NEW YORK – The U.S. missed an opportunity to make its shores safer when it drove away a Dubai-based company poised to operate cargo terminals at several American seaports, Department of Homeland Security Secretary Michael Chertoff said Thursday.
In a speech to the Council on Foreign Relations, Chertoff said the international shipping firm DP World could have helped implement stronger security at many ports where the U.S. now has limited influence.
“We could (have) actually built in some additional assurances, which would have given us more security in the wake of the deal than we had before the deal,” Chertoff said.
“The oddity of this, the irony of this, is that had the deal gone forward, we would have had greater ability to impose a security regime worldwide on the company than we have now.”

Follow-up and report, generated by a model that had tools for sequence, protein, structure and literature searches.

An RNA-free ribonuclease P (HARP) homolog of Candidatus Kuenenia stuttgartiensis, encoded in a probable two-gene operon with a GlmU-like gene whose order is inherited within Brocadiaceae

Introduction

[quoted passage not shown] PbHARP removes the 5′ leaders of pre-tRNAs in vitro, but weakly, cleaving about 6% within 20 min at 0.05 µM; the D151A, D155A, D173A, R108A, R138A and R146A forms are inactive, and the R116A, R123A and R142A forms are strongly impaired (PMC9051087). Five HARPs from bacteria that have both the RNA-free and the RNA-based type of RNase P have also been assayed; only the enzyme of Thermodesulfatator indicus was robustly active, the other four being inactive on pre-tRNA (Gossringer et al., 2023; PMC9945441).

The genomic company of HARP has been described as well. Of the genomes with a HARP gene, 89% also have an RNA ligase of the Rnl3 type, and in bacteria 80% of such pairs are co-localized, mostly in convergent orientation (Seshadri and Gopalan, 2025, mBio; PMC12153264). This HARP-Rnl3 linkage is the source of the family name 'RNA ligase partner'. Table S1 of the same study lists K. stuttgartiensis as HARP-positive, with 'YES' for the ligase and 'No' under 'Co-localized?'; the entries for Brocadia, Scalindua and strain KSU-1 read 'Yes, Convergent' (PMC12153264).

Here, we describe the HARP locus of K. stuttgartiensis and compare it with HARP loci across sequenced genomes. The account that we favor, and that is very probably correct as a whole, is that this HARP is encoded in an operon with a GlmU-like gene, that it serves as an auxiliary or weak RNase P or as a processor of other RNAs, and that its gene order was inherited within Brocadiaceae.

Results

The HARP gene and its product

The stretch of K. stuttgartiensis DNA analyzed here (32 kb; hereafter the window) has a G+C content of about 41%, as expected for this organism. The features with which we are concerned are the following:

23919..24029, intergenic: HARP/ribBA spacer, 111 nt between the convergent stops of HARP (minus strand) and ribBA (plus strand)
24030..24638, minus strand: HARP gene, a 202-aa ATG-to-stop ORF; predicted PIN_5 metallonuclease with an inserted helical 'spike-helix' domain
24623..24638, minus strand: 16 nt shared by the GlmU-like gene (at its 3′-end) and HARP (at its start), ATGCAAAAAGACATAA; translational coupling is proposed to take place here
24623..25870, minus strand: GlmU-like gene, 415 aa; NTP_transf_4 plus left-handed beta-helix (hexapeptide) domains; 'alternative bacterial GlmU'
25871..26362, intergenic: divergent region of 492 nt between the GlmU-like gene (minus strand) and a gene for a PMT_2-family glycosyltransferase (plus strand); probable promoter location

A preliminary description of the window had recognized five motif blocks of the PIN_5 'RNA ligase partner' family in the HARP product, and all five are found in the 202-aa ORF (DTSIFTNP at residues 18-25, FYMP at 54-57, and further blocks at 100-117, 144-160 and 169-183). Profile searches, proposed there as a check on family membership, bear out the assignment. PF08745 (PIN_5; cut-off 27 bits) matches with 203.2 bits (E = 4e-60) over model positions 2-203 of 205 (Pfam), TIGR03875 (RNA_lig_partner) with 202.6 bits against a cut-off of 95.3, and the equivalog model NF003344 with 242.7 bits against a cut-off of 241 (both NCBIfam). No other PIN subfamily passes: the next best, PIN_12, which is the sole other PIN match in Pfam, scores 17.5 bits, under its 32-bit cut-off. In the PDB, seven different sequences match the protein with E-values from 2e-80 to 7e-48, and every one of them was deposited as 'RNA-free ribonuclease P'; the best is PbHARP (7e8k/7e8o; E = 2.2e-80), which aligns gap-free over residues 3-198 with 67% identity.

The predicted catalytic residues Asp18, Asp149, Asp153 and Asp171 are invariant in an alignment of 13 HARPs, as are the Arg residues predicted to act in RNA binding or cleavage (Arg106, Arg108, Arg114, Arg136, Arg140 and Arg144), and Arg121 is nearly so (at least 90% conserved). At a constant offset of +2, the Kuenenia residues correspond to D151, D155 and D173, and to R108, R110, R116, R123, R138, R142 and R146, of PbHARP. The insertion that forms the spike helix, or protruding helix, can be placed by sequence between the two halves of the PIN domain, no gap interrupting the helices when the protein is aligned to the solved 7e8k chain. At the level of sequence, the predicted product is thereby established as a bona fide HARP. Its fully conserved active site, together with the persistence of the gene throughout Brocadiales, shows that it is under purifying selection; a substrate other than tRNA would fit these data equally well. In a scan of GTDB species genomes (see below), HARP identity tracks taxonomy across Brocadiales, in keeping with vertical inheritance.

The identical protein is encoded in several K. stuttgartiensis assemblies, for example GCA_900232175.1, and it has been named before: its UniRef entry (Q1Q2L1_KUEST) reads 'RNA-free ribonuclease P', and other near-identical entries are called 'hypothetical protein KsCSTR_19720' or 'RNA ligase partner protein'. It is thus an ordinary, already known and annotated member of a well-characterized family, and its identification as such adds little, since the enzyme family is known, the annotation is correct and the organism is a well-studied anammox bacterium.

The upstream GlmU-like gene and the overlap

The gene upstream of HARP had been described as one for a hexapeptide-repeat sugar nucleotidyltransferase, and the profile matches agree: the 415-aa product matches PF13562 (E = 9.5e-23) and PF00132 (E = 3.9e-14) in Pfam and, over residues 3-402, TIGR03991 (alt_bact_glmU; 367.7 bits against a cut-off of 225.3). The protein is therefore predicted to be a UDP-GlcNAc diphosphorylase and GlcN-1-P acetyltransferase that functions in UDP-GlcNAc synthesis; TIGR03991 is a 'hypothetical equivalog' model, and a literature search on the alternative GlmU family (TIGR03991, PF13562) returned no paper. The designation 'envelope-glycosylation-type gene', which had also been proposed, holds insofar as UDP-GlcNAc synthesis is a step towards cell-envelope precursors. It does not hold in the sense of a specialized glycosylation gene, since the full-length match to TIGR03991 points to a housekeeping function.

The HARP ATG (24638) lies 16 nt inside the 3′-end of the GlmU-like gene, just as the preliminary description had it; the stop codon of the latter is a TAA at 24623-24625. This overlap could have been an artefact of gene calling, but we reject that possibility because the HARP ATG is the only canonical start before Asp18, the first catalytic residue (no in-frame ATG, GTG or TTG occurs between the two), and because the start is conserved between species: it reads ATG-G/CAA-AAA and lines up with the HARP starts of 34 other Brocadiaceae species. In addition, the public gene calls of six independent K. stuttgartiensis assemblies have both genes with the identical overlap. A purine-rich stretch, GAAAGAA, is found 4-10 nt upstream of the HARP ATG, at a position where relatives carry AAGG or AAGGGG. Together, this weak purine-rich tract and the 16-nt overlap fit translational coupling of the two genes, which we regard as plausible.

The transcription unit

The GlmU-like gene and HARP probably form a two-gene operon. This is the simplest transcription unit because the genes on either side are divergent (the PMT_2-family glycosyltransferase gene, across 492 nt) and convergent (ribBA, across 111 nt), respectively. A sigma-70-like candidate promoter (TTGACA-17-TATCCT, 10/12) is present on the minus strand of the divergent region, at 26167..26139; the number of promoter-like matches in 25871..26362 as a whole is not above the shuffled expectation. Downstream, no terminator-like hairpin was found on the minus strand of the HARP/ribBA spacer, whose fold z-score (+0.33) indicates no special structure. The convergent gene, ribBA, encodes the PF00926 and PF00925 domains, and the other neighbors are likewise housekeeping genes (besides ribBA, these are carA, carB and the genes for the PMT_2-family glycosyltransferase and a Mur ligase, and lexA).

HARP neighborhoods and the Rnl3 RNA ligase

DP World, the world’s third-largest ports company, got a role in loading and unloading cargo from ships in at least 20 U.S. ports when it purchased the British company Peninsular & Oriental.
The Bush administration defended the deal, but under pressure from Congress, the company said this month that it will sell its U.S. businesses to an American buyer.
The decision followed a month of attacks by critics who said they did not trust a government-owned company from the Arabian Peninsula to be given a sensitive role handling cargo at U.S. ports. DP World is owned by the Emirate of Dubai, which is part of the United Arab Emirates.
Chertoff, however, said DP World has a good track record with U.S. authorities and has long been trusted to help move U.S. military materiel and personnel.
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